The 26th annual ITS World Congress could not have taken place in a more fitting host city. With the overarching theme for the 2019 event focusing on smart mobility and empowering cities, smart transportation enthusiasts from around the world descended upon Singapore – arguably one of the world’s smartest cities – for a week of discussions and hands-on sessions tackling the challenges and opportunities facing the transportation world.
Iteris transportation leaders were in attendance, and all came back inspired by the quality of debate and knowledge sharing that took place throughout the week in Singapore, a global business hub that has a clear commitment to creating a livable smart city with a higher quality of life and a connected community.
A personal highlight
In one of the first special interest sessions of the week, speakers from Japan, Korea, Australia and the U.S. laid out their visions for highly connected and automated multimodal urban systems. All agreed we are at a technological tipping point, with auto OEMs redefining both their vehicles and business models for a more connected and shared operating environment, while the public sector is coming of age with the rollout of infrastructure.
The infrastructure — not limited to vehicle-to-infrastructure (V2I) smart sensors but also improved roadway signage and striping — has a legacy of underinvestment. But agencies are realizing that this infrastructure, while always seen as desirable for human drivers, is essential for machines.
Infrastructure owners and operators are being urged to proceed with a “no regrets” approach to prepare for delivery of benefits from connected, not yet automated, vehicles. Some presenters were more urgent on this appeal, expecting a CAV/AV convergence as early as 2025.
Data-driven solutions still key
The need for agencies to create and use data in-house was voiced as a need to improve safety, mobility and environmental outcomes of transportation operations.
A concluding comment of the session was “It is not enough to have a dashboard, agencies need a war room to assure delivery of these benefits”.
As I reflect on that inspiring early panel and a full week of equally informative and engaging sessions, I wanted to share three personal takeaways from the 2019 ITS World Congress:
- The MaaS MoU could be pivotal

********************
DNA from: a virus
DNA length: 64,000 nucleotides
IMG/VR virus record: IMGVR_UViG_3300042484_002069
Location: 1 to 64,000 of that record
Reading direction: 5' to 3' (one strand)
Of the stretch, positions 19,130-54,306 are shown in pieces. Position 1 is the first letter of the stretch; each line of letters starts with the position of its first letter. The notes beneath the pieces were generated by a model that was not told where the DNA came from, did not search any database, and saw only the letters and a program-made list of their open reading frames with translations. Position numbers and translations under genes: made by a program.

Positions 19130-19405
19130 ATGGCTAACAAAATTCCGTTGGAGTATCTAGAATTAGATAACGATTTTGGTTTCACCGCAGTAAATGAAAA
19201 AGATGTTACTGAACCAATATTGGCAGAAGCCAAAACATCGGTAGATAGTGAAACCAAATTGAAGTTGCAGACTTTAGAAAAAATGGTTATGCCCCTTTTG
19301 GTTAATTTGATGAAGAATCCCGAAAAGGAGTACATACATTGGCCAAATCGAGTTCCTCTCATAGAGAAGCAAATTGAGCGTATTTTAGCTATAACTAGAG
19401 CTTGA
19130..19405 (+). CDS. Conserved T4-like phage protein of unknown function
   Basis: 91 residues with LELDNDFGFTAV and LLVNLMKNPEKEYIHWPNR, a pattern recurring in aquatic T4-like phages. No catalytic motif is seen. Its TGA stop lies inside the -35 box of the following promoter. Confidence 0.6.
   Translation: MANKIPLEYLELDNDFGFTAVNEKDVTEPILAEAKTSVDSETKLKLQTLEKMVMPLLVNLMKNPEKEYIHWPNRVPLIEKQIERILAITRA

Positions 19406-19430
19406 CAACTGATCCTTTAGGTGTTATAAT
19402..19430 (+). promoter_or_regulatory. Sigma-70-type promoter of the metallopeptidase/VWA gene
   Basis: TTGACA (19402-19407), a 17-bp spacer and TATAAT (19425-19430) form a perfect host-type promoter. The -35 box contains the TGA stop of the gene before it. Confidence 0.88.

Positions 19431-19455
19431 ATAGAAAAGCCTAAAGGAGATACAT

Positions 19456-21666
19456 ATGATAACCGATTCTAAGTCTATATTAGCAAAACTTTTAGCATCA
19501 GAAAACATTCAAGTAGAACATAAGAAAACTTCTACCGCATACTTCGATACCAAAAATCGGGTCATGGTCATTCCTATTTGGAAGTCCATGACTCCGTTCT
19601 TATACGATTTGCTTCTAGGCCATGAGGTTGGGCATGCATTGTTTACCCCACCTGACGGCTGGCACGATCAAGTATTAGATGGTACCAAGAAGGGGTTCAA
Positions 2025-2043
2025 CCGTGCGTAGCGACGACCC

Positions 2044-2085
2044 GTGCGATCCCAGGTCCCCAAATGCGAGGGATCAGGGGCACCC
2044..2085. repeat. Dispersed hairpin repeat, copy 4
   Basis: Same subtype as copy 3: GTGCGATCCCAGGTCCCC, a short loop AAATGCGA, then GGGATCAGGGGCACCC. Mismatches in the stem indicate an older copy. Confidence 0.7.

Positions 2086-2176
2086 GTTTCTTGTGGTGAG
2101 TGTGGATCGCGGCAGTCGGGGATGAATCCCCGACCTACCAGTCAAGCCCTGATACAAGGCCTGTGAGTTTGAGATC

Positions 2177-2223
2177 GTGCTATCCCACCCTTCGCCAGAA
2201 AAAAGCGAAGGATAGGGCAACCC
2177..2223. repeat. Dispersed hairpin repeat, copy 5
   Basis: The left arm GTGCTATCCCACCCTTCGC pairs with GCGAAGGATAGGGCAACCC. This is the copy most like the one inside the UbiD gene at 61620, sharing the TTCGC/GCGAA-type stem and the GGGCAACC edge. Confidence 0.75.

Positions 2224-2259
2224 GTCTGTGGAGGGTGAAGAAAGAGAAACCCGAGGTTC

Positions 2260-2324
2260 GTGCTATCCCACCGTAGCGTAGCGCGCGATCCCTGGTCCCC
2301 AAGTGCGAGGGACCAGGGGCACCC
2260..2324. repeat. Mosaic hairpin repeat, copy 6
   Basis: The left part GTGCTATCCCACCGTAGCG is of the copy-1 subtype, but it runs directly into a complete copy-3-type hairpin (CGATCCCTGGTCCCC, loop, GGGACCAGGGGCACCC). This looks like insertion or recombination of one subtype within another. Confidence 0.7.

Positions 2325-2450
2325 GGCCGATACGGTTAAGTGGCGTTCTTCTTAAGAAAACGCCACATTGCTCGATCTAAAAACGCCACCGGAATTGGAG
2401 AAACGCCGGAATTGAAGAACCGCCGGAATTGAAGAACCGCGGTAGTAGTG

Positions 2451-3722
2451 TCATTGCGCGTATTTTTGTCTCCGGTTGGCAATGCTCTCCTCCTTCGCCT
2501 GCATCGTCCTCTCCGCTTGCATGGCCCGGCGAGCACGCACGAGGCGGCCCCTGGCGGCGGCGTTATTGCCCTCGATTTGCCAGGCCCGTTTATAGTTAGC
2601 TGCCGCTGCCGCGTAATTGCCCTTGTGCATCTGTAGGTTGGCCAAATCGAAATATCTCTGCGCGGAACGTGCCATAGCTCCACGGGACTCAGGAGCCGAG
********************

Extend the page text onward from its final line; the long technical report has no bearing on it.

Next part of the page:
The worldwide intelligent transportation systems (ITS) industry collectively signaled its commitment to driving all stakeholders forward with the implementation of mobility as a service, or MaaS. A memorandum of understanding (MoU) was signed, which committed to pushing forward the rapid development of seamless, integrated multimodal transport systems and services in the three global regions. The MoU promotes the development of common policies, standards, governance, business models and technologies throughout the MaaS industry. This is a very hopeful development for the global ITS industry.
- Connectivity standards are converging
After many years of essentially being at odds with each other in a virtual tug of war, the interests of dedicated short-range communications (DSRC), cellular vehicle-to-everything (C-V2X) and 5G are finally converging, overcoming prior animosities by working together and with third-party providers to determine the path forward for integrating, merging and migrating the technologies to handle growing data volumes. Again, this is another source of hope for a long-held but often fragmented conversation that now looks like it might be approaching a conclusion that will ultimately benefit users.
- Cities are finally gearing up for automated driving systems
The future is clear. Road administrators will soon be managing road segments with automated driving systems. This will require vastly improved road maintenance and management, and the implementation of V2I communications systems that leverage both deep-learning and parallel-processing tasks at the edge to ensure a higher level of safety. The road to automated driving systems has been long and there is still a way to go, but with so many key stakeholders aligned in their commitment to making bottom-up and top-down changes to road infrastructure, I think it’s safe to say that we’re moving in the right direction.
The Bottom Line
Data-driven solutions to today’s mobility challenges are still being embraced on a regional, national and global scale, but after spending a week among such a concentration of smart transportation enthusiasts, practitioners and innovators in one of the world’s smartest cities I am even more optimistic about the future. With widespread support from key global ITS stakeholders for the promotion of MaaS, the convergence of connectivity standards and the evolution of road infrastructure to prepare for the proliferation of automated vehicles, the future of mobility is in good hands.
About the Author
John Lower is Associate Vice President, Roadway Sensors at Iteris.
Connect with John on LinkedIn.